The SNP's been more focused on seeing what sort of deals it can wring out of Brexit and the nitty-gritty of day-to-day governance. Going for another independence referendum is the last resort (or thereabouts), all else having apparently failed, and not for want of trying.

The SNP obviously had the possibility of a referendum as part of its last manifesto commitment if it didn't get a decent accommodation from Westminster, and it's no great secret, but the truth is, the other parties up here have very little else to offer, and haven't delivered while in control of the councils.

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Response to Denzil_DC (Reply #3)

Sun Mar 19, 2017, 05:35 PM

4. Dare I ask if the SNP are likely to take Argyll & Bute council then?

Last edited Sun Mar 19, 2017, 07:37 PM - Edit history (1)

As I have said before, I do worry that south of the Tweed Labour are likely to perform badly in these elections. Which where I live is likely to result in Tories in charge of the county council. Simply by virtue of being less obviously dysfunctional, even though they do vary between being insincere and just plain wrong. The Tories also have more resources to fling at elections than Labour, which makes a difference.

And I'm not convinced that Labour have got much to offer to anyone north of the Tweed right now either.

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Response to T_i_B (Reply #4)

Sun Mar 19, 2017, 06:00 PM

5. That's a tough call, and beyond my powers of prediction.

Argyll & Bute went SNP at the last Westminster election (well, only three other contituencies in Scotland didn't!). The Holyrood election boundaries don't quite coincide and we had the D'Hondt system to contend with at that election, so it's hard to use it as a basis.

It was traditionally Lib Dem country when we first moved here. We in this immediate area used to be lumped in with Dumbarton (and some doucer parts west of Glasgow), which was yer typical wannabe Red Clyde council till petty corruption by some councillors played its part, but then there was a boundary change (with great hopes of the grass being greener in sunny Argyll & Bute from the lumpentorytariat, and it hasn't worked out that way), but has long suffered from these infernal "independents" queering the pitch. They're a mix of Tories too feart to declare as such, apolitical grifters and the genuinely non-aligned (usually right-of-centre but not necessarily unreasonable or incompetent).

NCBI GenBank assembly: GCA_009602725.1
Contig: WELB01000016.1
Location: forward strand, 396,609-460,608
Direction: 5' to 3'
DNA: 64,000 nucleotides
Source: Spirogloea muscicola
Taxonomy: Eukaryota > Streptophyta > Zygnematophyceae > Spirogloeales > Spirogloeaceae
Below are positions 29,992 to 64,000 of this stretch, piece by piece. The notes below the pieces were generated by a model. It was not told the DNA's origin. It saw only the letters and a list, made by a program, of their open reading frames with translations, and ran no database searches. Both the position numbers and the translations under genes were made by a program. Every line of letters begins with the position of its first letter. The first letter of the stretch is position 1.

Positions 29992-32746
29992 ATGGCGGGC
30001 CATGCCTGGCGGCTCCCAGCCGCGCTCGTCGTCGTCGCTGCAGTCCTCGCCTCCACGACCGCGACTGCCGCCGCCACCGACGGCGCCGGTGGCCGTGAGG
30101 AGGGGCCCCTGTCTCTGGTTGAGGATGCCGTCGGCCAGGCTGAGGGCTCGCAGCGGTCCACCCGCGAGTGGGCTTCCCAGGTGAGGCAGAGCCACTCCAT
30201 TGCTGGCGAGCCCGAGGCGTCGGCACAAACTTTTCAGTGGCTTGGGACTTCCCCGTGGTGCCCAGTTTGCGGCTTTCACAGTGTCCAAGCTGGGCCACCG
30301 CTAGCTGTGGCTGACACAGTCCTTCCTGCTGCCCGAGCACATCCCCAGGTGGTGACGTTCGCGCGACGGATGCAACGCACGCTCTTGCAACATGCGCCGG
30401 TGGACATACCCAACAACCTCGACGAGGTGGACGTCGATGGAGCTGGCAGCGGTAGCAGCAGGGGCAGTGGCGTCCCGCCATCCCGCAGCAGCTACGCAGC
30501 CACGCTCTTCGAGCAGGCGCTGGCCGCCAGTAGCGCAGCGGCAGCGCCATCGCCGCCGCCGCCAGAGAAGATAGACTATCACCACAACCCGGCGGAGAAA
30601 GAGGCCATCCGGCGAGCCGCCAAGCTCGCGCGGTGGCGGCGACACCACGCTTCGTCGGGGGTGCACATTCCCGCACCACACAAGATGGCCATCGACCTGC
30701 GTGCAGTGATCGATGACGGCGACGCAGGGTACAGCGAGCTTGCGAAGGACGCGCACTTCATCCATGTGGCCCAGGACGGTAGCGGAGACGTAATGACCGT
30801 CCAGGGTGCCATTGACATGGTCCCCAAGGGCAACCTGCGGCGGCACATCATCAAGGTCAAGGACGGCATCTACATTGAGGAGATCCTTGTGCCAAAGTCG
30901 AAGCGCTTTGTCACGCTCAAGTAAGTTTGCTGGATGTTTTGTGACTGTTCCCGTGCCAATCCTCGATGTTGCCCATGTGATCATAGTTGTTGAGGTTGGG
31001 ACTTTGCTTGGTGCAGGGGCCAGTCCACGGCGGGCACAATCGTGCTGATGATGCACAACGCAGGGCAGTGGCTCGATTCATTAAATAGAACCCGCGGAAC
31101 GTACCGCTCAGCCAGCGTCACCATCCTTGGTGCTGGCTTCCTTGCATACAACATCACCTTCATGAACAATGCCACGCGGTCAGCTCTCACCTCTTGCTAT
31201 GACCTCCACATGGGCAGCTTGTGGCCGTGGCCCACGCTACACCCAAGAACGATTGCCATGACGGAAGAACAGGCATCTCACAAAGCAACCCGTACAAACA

It'll likely be a wary and possibly unstable coalition of some sort, but hopefully not with Dick Walsh in charge. We're talking small-time rural mafia here.

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Response to Denzil_DC (Reply #5)

Sun Mar 19, 2017, 06:19 PM

6. Different story where I live

The area I live in is old coal mining country, which of course means traditionally rock solid Labour. However, in recent years the area has been gentrifying and reinventing itself as a commuter / retirement area for Sheffield, Chesterfield and surrounding areas. This has meant growth of Conservatives and decline of Labour.

One town in the constituency has also recently been declared as one of the top 10 places to live in England by a study that received a lot of media attention, which may have gone to residents heads slightly.

As to the areas that the district where I live gets lumped in with go, that's where the governments "Northern Powerhouse" gibberish comes in. Nobody in this area wants to be lumped in with Sheffield City Region as the government wants, except for Chesterfield Council. Derbyshire County Council are desperate to prevent them from breaking off from the rest of the county, and have initiated legal proceedings which have caused the postponement of elections for regional mayor.

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Response to T_i_B (Reply #6)

Sun Mar 19, 2017, 06:29 PM

7. I can easily relate to some of those dynamics.

There's really nowhere like Argyll & Bute elsewhere in the UK. It's vast and unwieldy. It stretches from Helensburgh - which I believe also ranked high in that top 10, though it doesn't have its problems to seek (and is neighboured by the Clyde Submarine Base) - in the southeast to Oban and beyond in the northwest, with numerous island communities in the far west and a massive rural hinterland with all the good and bad that entails, dotted with a few medium-sized conurbations.

It would be a right handful to administer even with a competent, non-corrupt grouping in charge and a following wind. In the grips of the current shower, it's ... not good.

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Response to Denzil_DC (Reply #7)

Sat Apr 15, 2017, 04:45 AM

10. One thing I will say for local situation where I am....